Investigative Committee completes probe against Bolotnaya Square case suspect

The collection of evidence incriminating Ivan Nepomnyashchikh in involvement in disturbances on Bolotnaya Square in Moscow on May 6, 2012 has been completed, and the case has been passed to his defense lawyers for examination, the Russian Investigative Committee reported.

"The Russian Investigative Committee's main investigations department has completed the collection of evidence related to Ivan Nepomnyashchikh, an active participant in mass disturbances on Bolotnaya Square in Moscow on May 6, 2012 (Russian Criminal Code Articles 212, Part 2, and 318, Part 1)," the committee said in a statement.

The investigation has determined that Nepomnyashchikh was actively involved in mass unrest in the area of Bolotnaya Square on May 6, 2012 and obstructed detentions of aggressive people by hitting policemen responsible for protecting public order at least four times with his hands and an umbrella, the Investigative Committee said.

"The criminal case in relation to Nepomnyashchikh has been filed for a separate proceeding, and the suspect and his defense lawyers have started to study it," the committee said.

After the defense team finishes studying the case, it will be forwarded to a prosecutor for endorsing the indictment and then will be sent to courts, it said.

The Investigative Committee said it was continuing to work to identify all suspects in a criminal case dealing with the May 6, 2012 disturbances on Bolotnaya Square.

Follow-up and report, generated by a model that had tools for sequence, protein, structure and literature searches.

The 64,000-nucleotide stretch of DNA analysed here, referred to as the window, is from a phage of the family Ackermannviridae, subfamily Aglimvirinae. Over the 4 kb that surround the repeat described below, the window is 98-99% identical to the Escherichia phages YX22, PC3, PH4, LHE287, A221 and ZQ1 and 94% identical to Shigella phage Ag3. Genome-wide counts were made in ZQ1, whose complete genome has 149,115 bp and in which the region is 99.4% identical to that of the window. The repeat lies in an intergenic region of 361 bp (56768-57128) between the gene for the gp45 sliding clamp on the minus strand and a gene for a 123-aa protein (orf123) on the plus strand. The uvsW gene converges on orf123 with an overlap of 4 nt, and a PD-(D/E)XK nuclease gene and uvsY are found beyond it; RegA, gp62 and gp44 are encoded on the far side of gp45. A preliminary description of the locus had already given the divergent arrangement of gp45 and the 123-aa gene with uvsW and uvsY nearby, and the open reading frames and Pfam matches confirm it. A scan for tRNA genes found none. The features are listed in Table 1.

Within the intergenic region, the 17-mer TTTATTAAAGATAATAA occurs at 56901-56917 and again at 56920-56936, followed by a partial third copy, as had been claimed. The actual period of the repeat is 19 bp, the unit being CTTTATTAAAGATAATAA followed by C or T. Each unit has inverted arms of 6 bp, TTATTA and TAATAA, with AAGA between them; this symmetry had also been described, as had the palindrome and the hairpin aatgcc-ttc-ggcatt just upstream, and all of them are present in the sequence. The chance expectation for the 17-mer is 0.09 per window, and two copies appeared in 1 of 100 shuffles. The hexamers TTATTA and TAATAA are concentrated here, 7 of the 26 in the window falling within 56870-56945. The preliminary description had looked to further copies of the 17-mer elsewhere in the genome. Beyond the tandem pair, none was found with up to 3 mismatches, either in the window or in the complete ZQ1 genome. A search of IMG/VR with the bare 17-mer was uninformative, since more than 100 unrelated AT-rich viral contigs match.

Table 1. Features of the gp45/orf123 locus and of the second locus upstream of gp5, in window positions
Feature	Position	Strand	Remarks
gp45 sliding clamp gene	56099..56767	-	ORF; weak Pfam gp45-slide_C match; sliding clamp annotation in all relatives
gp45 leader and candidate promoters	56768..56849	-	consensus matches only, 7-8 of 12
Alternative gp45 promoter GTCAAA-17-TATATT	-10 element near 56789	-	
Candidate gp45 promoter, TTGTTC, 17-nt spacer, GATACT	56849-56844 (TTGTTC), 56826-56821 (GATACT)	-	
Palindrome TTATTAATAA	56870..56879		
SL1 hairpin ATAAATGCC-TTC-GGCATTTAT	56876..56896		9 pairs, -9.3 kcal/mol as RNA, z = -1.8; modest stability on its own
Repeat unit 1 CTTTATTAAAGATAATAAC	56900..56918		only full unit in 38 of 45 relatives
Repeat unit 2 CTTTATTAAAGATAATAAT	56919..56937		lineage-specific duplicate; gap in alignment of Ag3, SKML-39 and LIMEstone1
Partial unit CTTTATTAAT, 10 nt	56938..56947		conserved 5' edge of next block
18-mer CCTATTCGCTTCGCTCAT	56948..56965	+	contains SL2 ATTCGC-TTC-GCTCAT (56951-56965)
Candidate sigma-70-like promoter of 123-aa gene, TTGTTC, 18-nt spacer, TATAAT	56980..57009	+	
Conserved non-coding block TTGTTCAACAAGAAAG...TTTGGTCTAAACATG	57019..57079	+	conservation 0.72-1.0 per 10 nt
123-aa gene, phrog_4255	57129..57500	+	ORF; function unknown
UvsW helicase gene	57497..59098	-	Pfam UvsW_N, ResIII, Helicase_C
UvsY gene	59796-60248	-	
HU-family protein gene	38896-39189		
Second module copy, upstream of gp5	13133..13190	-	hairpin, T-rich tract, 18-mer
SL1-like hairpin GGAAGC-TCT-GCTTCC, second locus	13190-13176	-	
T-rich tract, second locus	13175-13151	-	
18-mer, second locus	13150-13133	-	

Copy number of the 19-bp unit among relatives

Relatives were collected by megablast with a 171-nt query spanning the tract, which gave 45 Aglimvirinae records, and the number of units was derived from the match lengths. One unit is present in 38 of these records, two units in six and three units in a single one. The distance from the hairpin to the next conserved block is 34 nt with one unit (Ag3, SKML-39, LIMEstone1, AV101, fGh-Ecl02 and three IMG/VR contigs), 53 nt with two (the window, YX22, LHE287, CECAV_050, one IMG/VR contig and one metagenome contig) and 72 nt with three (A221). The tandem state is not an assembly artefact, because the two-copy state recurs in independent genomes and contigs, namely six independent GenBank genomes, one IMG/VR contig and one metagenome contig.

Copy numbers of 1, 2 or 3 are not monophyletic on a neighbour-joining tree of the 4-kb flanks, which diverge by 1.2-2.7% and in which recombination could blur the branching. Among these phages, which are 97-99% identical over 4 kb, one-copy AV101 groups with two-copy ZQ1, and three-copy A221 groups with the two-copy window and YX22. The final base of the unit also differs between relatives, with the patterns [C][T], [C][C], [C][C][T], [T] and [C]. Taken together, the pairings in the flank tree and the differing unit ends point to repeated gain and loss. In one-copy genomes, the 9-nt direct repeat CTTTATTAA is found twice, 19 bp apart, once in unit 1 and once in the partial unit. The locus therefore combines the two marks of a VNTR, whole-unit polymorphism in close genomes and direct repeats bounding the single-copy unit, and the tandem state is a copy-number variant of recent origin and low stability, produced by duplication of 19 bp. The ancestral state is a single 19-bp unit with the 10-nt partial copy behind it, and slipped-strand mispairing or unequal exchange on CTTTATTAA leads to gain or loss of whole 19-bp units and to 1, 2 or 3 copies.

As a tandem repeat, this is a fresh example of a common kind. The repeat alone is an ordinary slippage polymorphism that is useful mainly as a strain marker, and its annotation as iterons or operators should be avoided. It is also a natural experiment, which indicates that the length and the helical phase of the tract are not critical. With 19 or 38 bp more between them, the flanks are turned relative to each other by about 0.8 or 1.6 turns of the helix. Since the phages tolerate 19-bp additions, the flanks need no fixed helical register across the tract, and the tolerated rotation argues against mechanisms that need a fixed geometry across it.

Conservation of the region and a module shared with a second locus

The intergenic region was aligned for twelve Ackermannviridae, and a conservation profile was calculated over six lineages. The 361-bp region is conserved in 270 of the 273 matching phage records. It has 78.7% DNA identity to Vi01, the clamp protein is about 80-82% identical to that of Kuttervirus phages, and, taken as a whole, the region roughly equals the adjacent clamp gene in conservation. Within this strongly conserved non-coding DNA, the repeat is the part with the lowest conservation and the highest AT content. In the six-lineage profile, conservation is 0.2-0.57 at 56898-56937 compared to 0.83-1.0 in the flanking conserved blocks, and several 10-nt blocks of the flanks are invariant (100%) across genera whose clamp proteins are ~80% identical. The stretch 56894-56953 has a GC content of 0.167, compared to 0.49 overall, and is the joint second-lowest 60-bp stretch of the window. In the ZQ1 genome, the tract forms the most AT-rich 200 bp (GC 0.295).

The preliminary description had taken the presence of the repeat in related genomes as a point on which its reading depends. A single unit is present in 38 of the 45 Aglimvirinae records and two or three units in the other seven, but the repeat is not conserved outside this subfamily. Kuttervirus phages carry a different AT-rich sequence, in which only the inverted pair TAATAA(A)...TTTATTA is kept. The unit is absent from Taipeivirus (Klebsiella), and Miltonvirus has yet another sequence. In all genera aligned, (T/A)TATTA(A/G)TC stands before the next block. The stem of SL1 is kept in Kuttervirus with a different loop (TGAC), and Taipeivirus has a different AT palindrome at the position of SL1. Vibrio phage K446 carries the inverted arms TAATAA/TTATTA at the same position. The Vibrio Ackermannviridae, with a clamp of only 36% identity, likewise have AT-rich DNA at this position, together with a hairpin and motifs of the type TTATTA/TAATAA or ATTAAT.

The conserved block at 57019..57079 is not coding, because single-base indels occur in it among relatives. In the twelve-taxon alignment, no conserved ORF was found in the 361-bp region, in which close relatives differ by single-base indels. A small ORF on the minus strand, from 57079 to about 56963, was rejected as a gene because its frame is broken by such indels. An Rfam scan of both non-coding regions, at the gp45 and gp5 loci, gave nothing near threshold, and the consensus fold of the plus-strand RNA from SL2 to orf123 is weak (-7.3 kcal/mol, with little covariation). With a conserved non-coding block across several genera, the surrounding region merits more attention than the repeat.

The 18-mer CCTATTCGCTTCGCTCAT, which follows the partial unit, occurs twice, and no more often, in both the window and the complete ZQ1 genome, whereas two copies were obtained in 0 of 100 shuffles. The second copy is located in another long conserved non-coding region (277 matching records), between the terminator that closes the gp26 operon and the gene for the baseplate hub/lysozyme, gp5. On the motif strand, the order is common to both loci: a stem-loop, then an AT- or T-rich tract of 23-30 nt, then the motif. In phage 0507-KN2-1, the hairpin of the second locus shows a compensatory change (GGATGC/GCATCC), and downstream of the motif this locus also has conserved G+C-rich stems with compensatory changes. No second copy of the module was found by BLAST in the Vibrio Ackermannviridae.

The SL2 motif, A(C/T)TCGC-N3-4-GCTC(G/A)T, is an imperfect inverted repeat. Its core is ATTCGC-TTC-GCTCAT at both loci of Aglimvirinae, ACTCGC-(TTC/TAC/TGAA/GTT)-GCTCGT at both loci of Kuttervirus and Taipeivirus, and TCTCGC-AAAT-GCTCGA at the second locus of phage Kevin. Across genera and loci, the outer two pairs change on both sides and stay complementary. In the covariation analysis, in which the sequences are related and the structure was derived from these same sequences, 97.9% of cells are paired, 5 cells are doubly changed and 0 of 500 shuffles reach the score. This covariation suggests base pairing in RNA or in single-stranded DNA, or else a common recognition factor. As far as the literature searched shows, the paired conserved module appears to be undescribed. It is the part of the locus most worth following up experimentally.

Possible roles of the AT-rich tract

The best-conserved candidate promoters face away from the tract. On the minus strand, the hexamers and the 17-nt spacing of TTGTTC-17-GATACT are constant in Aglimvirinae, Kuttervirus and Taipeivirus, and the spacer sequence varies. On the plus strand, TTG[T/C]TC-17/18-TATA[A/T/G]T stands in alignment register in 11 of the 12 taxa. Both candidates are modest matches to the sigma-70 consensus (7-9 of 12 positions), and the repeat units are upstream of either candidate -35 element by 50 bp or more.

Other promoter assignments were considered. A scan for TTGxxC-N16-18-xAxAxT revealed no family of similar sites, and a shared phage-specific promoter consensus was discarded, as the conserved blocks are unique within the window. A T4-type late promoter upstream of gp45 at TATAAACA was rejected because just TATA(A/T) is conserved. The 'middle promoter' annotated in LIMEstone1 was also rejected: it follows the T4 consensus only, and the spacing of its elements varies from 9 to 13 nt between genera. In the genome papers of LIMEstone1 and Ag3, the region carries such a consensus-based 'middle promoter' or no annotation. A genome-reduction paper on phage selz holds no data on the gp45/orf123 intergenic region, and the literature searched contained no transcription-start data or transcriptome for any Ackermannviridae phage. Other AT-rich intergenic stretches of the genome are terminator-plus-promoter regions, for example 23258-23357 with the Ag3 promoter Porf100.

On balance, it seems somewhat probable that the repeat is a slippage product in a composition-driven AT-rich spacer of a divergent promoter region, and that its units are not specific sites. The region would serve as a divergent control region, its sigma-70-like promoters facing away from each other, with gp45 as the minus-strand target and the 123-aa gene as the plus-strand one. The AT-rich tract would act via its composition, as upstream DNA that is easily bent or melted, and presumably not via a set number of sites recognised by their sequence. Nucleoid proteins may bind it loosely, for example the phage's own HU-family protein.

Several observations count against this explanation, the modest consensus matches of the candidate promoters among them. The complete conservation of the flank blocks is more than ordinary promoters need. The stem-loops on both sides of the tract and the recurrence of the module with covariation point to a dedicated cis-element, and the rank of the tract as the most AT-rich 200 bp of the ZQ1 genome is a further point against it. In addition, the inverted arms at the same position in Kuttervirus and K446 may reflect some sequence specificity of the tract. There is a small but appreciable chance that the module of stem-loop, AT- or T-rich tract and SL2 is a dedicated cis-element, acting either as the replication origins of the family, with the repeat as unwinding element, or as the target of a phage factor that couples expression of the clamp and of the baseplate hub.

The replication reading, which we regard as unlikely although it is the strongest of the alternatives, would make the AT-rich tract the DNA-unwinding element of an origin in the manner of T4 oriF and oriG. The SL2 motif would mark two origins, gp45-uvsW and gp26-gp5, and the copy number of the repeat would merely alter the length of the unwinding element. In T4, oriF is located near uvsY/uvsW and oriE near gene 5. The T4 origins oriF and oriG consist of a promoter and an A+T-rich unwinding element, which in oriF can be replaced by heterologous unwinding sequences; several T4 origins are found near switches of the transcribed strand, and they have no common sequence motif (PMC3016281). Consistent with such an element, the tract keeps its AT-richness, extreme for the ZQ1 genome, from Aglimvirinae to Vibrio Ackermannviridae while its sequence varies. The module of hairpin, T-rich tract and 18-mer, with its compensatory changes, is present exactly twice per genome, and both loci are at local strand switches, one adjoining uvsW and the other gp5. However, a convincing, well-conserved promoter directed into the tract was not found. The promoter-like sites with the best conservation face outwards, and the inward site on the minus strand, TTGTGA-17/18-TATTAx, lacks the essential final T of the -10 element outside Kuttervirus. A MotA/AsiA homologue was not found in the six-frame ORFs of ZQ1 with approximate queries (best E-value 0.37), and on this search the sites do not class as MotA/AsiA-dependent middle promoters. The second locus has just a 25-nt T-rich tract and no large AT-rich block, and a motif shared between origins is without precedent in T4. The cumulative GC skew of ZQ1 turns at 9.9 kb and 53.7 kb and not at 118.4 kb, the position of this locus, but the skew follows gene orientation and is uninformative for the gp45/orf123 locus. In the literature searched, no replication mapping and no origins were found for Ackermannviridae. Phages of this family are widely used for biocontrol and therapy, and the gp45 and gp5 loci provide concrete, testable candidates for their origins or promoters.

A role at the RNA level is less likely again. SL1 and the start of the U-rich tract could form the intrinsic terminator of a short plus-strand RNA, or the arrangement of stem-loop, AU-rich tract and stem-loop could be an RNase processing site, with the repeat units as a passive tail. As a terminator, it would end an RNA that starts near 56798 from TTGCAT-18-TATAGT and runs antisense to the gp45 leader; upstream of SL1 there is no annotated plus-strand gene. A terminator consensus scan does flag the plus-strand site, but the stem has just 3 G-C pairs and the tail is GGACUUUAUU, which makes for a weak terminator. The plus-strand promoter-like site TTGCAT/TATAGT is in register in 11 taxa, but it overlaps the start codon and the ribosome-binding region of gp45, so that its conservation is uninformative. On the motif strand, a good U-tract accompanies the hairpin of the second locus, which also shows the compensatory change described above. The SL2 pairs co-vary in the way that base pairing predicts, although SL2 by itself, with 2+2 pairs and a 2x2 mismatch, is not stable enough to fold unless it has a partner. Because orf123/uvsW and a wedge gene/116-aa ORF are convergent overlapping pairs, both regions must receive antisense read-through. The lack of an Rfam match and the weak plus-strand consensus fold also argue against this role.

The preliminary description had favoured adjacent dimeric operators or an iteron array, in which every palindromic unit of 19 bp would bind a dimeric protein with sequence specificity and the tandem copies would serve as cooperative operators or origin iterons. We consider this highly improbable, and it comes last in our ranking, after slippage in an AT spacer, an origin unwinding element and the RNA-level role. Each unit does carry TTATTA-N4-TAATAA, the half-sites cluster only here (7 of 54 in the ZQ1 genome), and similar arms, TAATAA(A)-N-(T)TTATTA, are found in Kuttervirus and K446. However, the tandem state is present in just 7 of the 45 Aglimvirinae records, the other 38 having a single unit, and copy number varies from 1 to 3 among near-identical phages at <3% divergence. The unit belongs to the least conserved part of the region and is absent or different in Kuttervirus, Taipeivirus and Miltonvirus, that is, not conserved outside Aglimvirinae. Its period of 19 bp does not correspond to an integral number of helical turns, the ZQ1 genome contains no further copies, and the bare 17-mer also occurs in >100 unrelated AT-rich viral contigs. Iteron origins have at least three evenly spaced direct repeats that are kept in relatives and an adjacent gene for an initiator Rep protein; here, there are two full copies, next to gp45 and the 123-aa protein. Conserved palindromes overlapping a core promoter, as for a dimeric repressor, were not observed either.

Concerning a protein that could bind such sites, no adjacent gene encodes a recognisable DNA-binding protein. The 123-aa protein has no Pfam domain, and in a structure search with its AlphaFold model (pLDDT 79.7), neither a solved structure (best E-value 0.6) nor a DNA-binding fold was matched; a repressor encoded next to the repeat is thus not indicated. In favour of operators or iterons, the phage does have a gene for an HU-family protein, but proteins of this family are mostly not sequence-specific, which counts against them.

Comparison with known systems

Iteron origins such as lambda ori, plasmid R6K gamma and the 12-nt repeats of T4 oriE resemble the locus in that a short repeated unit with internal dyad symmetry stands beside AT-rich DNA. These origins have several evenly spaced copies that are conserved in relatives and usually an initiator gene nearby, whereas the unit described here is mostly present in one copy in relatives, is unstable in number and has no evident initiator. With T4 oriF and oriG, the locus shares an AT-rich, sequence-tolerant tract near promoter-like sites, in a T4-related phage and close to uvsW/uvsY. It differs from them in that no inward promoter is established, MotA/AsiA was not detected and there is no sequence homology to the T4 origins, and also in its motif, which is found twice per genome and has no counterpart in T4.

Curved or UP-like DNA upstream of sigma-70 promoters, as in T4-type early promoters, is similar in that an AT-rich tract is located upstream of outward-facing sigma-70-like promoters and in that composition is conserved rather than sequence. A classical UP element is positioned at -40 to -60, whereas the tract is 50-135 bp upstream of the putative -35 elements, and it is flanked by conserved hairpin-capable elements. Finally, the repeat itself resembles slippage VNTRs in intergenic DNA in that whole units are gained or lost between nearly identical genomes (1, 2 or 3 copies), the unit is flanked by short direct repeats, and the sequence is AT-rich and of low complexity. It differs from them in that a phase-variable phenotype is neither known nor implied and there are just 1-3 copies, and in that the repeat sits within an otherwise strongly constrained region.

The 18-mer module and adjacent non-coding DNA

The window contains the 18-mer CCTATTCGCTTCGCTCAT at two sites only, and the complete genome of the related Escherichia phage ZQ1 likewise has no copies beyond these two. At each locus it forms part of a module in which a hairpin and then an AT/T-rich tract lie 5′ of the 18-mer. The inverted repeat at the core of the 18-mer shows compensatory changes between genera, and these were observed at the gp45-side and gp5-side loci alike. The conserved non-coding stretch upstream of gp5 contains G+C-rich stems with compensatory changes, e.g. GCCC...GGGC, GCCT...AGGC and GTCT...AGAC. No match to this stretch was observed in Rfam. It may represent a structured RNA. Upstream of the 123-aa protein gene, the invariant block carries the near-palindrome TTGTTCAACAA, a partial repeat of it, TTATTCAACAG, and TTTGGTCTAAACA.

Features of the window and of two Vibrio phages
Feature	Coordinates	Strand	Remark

Nepomnyashchikh, 24, was born in Zagorsk (currently known as Sergiyev Posad) and works as an engineering designer at the Rodina research and production association. On February 25, 2015, a witness identified him as a person who applied violence to law enforcement officials on Bolotnaya Square.

An opposition demonstration previously authorized by the Moscow city administration on Bolotnaya Square in Moscow on May 6, 2012 grew into clashes between demonstrators and police, in which over 400 people were detained. The Investigative Committee opened a criminal case the same day on charges of "calls for mass disturbances" and "violence against a law enforcement official" (Russian Criminal Code Articles 212 and 318).

This criminal case was combined with a case dealing with preparations for the organization of mass disturbances in January 2013, in which 29 people were indicted.

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